February 10, 2021
The UK has a “huge duty of care” to take a progressive stance on vaping, the All-Party Parliamentary Group (APPG) for Vaping has been told.
John Dunne, director general of the UK Vaping Industry Association (UKVIA) addressed parliamentarians on Tuesday (9 February) as an invited ‘expert witness’ to discuss the future of vaping and harm reduction restrictions.
The evidence will be used to advise the UK delegation to a high-level World Health Organisation meeting – Conference of the Parties (COP9) – later this year. The meeting will have repercussions for vaping industries around the world, and the UKVIA hopes the UK’s progressive approach can inspire similar stances internationally.
At the remote evidence session, Dunne told parliamentarians:
“The UK has a huge duty of care to take a positive stance and challenge interpretations… Britain’s newly independent status really gives us an opportunity to lead this on the world stage.”
Also present at the meeting was Professor Gerry Stimson of Knowledge-Action-Change (KAC), Clive Bates of Counterfactual, and Daniel Pryor of the Adam Smith Institute.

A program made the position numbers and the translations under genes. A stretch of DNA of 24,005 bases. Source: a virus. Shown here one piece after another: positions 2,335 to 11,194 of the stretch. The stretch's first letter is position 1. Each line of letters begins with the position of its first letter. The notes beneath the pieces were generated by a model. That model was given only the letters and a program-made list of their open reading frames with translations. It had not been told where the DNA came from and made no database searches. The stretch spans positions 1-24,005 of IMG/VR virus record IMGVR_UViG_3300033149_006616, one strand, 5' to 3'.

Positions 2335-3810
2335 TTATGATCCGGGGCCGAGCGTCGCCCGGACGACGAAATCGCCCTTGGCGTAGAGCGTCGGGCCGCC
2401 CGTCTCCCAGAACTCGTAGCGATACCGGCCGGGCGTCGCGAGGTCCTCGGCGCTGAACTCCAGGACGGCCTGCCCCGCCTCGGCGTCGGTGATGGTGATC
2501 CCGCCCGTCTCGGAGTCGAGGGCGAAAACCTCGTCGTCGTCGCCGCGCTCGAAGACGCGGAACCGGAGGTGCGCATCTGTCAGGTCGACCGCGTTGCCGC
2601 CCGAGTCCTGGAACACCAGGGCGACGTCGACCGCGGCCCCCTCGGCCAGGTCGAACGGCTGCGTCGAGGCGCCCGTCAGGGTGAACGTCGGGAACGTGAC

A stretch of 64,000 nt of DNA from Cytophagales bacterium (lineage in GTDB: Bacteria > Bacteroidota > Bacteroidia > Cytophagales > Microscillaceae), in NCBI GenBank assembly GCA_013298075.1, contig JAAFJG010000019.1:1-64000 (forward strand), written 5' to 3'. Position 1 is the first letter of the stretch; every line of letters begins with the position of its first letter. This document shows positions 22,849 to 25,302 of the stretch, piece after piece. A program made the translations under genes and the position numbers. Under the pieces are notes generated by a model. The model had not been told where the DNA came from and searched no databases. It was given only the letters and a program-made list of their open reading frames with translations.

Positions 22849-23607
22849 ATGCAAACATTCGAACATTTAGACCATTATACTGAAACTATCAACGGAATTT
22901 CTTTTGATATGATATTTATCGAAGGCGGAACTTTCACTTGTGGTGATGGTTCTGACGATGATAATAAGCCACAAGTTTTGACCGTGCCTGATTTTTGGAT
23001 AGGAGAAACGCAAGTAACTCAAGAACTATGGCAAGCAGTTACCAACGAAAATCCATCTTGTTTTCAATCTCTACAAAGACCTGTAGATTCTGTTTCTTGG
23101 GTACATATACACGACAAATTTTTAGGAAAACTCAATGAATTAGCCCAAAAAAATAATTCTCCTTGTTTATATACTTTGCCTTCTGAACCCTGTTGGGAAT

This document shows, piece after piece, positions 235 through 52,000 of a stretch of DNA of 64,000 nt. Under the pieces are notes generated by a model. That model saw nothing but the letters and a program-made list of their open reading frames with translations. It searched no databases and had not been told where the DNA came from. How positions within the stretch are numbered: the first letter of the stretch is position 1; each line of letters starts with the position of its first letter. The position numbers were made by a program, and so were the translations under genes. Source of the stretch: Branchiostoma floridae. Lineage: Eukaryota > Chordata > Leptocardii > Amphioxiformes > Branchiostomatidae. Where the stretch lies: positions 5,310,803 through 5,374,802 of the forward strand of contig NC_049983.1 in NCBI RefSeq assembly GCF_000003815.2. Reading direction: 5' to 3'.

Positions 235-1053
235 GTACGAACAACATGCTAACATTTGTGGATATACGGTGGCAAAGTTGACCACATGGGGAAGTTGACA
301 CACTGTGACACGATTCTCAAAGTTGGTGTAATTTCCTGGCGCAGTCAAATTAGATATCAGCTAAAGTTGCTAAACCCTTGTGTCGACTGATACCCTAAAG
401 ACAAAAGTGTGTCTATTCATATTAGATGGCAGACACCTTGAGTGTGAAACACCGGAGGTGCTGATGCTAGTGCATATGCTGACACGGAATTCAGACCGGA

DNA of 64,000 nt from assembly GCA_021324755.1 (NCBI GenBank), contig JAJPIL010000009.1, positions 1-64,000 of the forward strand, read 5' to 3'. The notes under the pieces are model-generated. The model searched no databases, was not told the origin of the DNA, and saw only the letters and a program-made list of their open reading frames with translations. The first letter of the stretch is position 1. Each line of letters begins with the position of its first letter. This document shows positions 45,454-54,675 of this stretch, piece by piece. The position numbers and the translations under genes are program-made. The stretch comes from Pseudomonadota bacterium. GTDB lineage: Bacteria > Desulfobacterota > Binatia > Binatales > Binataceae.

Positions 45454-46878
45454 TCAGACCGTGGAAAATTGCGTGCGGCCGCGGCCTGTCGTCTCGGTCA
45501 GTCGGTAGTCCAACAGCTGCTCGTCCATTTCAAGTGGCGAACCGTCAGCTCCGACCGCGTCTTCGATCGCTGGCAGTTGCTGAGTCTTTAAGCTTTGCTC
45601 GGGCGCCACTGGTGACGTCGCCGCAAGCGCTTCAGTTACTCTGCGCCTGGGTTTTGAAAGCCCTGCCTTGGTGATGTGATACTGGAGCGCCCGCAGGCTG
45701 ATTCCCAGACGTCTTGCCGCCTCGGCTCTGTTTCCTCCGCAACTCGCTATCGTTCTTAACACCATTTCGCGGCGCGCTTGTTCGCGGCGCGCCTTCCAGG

The Parliamentary group, chaired by Mark Pawsey MP, is keen for the UK to defend its vaping position internationally, and to promote the many successes of British vaping. The expert witnesses highlighted the considerable public health benefits of harm reduction tools, and the potential benefit they could provide around the world.
Tuesday’s evidence session came as the UK Government continues its own review of tobacco regulations, meaning a busy time for advocates hoping to protect the public potential of vaping.
Reacting to the meeting, Dunne said:
“I was happy to accept the invitation from the APPG, because the UKVIA believe we have an incredible opportunity to spread the word – that innovative, appropriately-regulated vaping industries save lives. Post-Brexit Britain is newly independent in forums like COP9, and it means we can drive this positive message home like never before.
“We can be rightly proud of the UK’s record on harm reduction, but we must not be complacent. Regressive, prohibition-style strategies are alive and well internationally, and we must not let them undo all that has been achieved here. A robust, evidence-based approach from the UK can defend the gains we have made domestically, empower positive change internationally and confirm Britain’s role as a world leader in harm reduction.”